Autism & Low Self-Esteem

Instructor: Lisa Millraney

Lisa has 27 years of experience treating speech, language, memory and swallowing disorders. She has a master's degree in speech pathology from Vanderbilt University.

In this lesson, you will learn about the issues with self-esteem particular to people on the autism spectrum. We will talk about some reasons why low self-esteem is common among children, teens, and adults with autism spectrum disorders, and how they and those around them can work to reverse the process and build a positive self-image.

Hold Your Head Up

Volumes have been written about self-esteem. Almost everyone struggles at some time with their self-image, but persons on the autism spectrum face unique challenges.

First, exactly what is 'self-esteem'? It comprises a person's beliefs about themselves and their opinion of who they are. The self-esteem of children is especially vital to their development. Children with healthy self-esteem, not overblown or downtrodden, take on life with a can-do attitude. As they grow into teenagers, they are better able to resist peer pressure. As adults, they are more likely to thrive in whatever employment or domestic setting they find themselves.

Special Challenges

We all face obstacles to positive self-esteem. For children with autism, those hurdles are continuous and sometimes devastating.

  • Youngsters can be cruel to peers who seem odd, and enough negative looks and comments birth a self-image as someone others don't want to be around.
  • Even adults contribute to a child's poor self-esteem, if every move the child makes is critiqued as 'autistic behavior' to be modified.
  • Mainstream culture presents images of autism that are often highly negative--cold, weird, out of control. There aren't many positive role models for children to see.

Everyone is unique, including everyone with autism. One child may react dramatically to bullying, while another brushes it off. There's no denying, though, that good self-esteem is vital, that poor self-esteem can be deeply damaging, and that those around a child need to know how their actions help or hurt.

Jack is nine and has high functioning autism. He often feels like he would rather be anyone else than himself. Classmates call him names and mock his literal thinking, while he tries to laugh with them. Every time his parents, teachers or therapists tell him to stop standing and spinning around, or talking about Star Wars, he just feels wrong. Small wonder he spends most of his time alone, cataloguing his action figures and watching movies until he can quote them verbatim.

In the teenage years, youngsters begin to develop their own identities and often want to spend more time with their peers than their parents. Christopher, who is fifteen and has Asperger's syndrome, would like to spend time with friends, if he had any. He never gets invited to outings or parties. The few times he's ventured to ask, he got ignored or rejected. Finally, he stopped trying. He also starts having trouble sleeping and eating, and his grades begin to suffer.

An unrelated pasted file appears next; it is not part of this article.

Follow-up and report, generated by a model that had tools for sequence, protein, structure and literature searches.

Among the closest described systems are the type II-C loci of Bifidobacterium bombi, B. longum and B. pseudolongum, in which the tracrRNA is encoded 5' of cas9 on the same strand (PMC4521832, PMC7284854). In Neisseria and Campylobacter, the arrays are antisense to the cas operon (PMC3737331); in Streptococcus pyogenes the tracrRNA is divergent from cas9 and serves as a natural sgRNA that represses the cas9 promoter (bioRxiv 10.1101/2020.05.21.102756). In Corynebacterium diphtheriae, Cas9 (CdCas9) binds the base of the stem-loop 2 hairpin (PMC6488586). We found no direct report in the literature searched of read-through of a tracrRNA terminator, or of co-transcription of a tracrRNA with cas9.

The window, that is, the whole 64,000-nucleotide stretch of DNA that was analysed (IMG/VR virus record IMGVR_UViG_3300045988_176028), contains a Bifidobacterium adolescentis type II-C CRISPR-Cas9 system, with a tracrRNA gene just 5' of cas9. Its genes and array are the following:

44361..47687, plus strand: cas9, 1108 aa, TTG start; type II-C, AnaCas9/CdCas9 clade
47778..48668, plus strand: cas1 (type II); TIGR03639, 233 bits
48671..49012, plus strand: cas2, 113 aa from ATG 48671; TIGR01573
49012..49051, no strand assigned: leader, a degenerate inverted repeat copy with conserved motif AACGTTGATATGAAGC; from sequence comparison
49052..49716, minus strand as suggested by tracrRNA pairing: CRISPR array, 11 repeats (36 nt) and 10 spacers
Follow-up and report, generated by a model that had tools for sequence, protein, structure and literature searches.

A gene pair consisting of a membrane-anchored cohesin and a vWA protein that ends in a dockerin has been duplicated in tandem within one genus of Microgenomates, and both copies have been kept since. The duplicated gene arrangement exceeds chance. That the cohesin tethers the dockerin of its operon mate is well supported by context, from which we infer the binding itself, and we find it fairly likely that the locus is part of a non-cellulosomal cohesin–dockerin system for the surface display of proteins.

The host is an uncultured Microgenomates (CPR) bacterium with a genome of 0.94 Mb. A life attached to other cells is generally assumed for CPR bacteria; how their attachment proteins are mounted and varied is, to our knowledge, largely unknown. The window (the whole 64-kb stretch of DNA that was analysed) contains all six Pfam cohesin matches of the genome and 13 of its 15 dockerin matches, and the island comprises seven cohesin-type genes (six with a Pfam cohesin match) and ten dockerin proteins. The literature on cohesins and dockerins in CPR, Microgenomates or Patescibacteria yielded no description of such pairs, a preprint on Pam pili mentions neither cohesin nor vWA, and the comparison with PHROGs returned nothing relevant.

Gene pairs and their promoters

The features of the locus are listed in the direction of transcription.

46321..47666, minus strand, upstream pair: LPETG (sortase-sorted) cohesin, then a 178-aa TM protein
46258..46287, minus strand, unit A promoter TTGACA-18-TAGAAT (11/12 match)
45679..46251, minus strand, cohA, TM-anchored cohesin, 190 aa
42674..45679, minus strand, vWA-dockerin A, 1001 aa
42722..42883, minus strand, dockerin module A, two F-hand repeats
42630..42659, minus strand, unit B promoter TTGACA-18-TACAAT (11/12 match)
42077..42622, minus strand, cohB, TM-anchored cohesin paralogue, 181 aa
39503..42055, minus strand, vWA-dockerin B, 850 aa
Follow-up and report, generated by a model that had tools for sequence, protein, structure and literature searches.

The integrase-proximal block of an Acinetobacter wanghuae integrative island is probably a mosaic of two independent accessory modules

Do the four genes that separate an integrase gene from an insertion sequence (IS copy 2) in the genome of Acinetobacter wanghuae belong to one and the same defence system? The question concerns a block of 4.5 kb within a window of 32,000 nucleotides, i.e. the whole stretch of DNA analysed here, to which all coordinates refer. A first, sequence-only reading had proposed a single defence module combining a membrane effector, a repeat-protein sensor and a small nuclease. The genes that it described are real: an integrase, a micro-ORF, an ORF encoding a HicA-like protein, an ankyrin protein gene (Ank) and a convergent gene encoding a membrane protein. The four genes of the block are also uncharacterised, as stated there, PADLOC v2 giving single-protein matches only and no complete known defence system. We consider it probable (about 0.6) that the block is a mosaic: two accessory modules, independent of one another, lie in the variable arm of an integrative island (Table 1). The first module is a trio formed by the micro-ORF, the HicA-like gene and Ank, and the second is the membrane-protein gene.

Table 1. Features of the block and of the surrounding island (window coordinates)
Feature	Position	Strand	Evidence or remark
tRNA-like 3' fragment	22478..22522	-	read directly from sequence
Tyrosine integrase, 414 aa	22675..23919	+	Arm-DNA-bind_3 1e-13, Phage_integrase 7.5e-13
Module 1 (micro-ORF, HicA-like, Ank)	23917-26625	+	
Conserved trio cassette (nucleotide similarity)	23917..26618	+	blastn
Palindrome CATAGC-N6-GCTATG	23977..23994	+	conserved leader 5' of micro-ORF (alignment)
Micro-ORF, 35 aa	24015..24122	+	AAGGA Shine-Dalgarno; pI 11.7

Correcting Course

When Jack starts refusing to try anything new, and calling himself stupid, his parents get concerned. They search for answers and finally find Dr. Whittaker, a psychologist who specializes in ASD (autism spectrum disorders).

She meets with Jack, then brings his family in. They are mortified to find the corrections they thought were gentle and supportive sound to Jack like constant criticism. Using language from his favorite films, he says, ''I feel like a broken droid! You just want to repair me so I'll function the way you want me to.''

Christopher's mother is a teacher, and knows the signs of depression when she sees them in her son. They find their way to Dr. Whittaker also. The psychologist discovers that Chris is extremely bright, has done a lot of reading on the subject of autism, and pretty much knows what his problem is. ''I'm the outsider,'' Chris says. ''I don't get their jokes. I feel like I'm looking through a window. I can see the sun, and the wind blowing the trees, but I can't go out and feel them.'' He also says he doesn't feel he gets to make any decisions about his life.

A Surprising Admission

Dr. Whittaker ponders how to help her new clients, and brainstorms with her colleagues. One, Dr. Stennis, listens intently, and later comes to her to confess he recently discovered he too has ASD.

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